Chiefs' Kelce continues to evolve into all-around tight end
Travis Kelce had just three catches for 31 yards last week, yet he had every bit the profound impact on the Kansas City Chiefs' blowout win over the Denver Broncos that he had the previous week in Buffalo.
Even without the two touchdown receptions he had against the Bills.
You see, the two-time All-Pro tight end is still defining himself eight years into a career that has already produced five trips to the Pro Bowl and a Super Bowl title.
Once considered merely a pass-catching superstar in the mold of Jimmy Graham and Rob Gronkowski, the 31-year-old Kelce has emerged as a do-everything cog in the Chiefs' dynamic offense.
"He does it all," said perhaps the biggest beneficiary, quarterback Patrick Mahomes. "He's hard for defenses to account for, and when you have guys like Tyreek (Hill) and Trav who create mismatches, it helps the entire offense out."
The latest do-it-all turn came while fullback Anthony Sherman was on the COVID-19 list. Without their lead blocker for a couple of games, the Chiefs moved Kelce into the backfield for a handful of plays and never missed a beat.
In fact, after rushing for a season-low 80 yards in a loss to the Las Vegas Raiders that snapped a franchise-record 13-game win streak, the Chiefs piled up 245 yards on the ground against Buffalo and went over 100 yards last week in Denver.
"It's at the tight end position you're asked to do so many things," Kelce said Wednesday, as the Chiefs looked ahead to this Sunday's game against the winless New York Jets.
"You'll see me split out like a wide receiver, in the Buffalo game I've been in the backfield. I've been tight in, like the H-back, where you can move me around. I'm prideful. I'm technically the utility guy on the field. Whether you need a plumber or an electrician, I'm here for you."
That isn't always the case with bona fide stars.
But in a locker room that boasts a constellation of them, Kelce eschews any sort of ego in favor of a team-first approach. The only number he cares about is wins, though he has plenty of yards, receptions and touchdowns, and that leadership example has permeated to every corner of the room, affecting rookies and veteran newcomers such as Le'Veon Bell alike.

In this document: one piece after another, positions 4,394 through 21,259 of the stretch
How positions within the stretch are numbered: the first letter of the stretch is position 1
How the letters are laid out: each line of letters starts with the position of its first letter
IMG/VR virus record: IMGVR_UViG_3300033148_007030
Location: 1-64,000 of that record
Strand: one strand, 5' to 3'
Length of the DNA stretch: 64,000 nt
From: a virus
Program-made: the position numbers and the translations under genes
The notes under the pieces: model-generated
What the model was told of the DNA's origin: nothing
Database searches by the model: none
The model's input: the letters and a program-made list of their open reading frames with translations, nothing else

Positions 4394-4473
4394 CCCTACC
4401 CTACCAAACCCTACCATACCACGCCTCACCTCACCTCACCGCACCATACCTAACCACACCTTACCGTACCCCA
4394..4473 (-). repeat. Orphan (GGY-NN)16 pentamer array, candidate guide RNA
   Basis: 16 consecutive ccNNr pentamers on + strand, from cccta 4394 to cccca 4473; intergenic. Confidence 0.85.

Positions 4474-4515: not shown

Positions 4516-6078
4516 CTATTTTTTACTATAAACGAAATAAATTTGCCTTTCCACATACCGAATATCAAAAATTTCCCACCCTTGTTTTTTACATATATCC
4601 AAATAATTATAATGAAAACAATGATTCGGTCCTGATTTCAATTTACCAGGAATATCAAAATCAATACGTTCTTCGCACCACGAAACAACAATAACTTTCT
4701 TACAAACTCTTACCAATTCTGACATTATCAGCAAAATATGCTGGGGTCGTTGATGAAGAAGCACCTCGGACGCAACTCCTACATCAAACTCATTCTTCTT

"In this offense you definitely have to be a smart football player, no matter what position you're playing," Kelce said. "The tight end gets moved around a lot more than others, so you have to be locked into the game plan more than some others."
Kelce still puts up numbers, of course. He had eight catches for 108 yards and a score against the Raiders, giving him 20 games of at least 100 yards – tied with Otis Taylor for second most in franchise history. Kelce also has 547 receptions, passing Dwayne Bowe earlier this season for second in Chiefs history.
On both lists, the only player Kelce trails is another tight end with a remarkable pedigree: Hall of Famer Tony Gonzalez.
"He's obviously a complete player – Pro Bowl player, All-Pro player, record-holder, all those things," Chiefs coach Andy Reid said. "Every day he comes to work and that's the part I like. He tries to get better at his game. He diligently works with Pat, he wants to get it right, all those things, and he wants to be the best. I can appreciate that, absolutely."
Notes: WR Sammy Watkins (hamstring), FS Armani Watts (illness) and RT Mitchell Schwartz (back) were held out of practice Wednesday. ... Several members of the Chiefs have made social media pitches to the Toronto Raptors to play their games in Kansas City next season if COVID-19 keeps the border with Canada closed. Among them is Mahomes, who recently bought a small interest in the Royals. "Kansas City is a great spot for any franchise to be," Mahomes said. "You look at the support the Royals have, the Chiefs, Sporting KC. The fan base is crazy. They love sports, they love to be here. You see how the Jayhawks pack out that place every single week. You know that T-Mobile (Center) would be a great spot for any NBA franchise."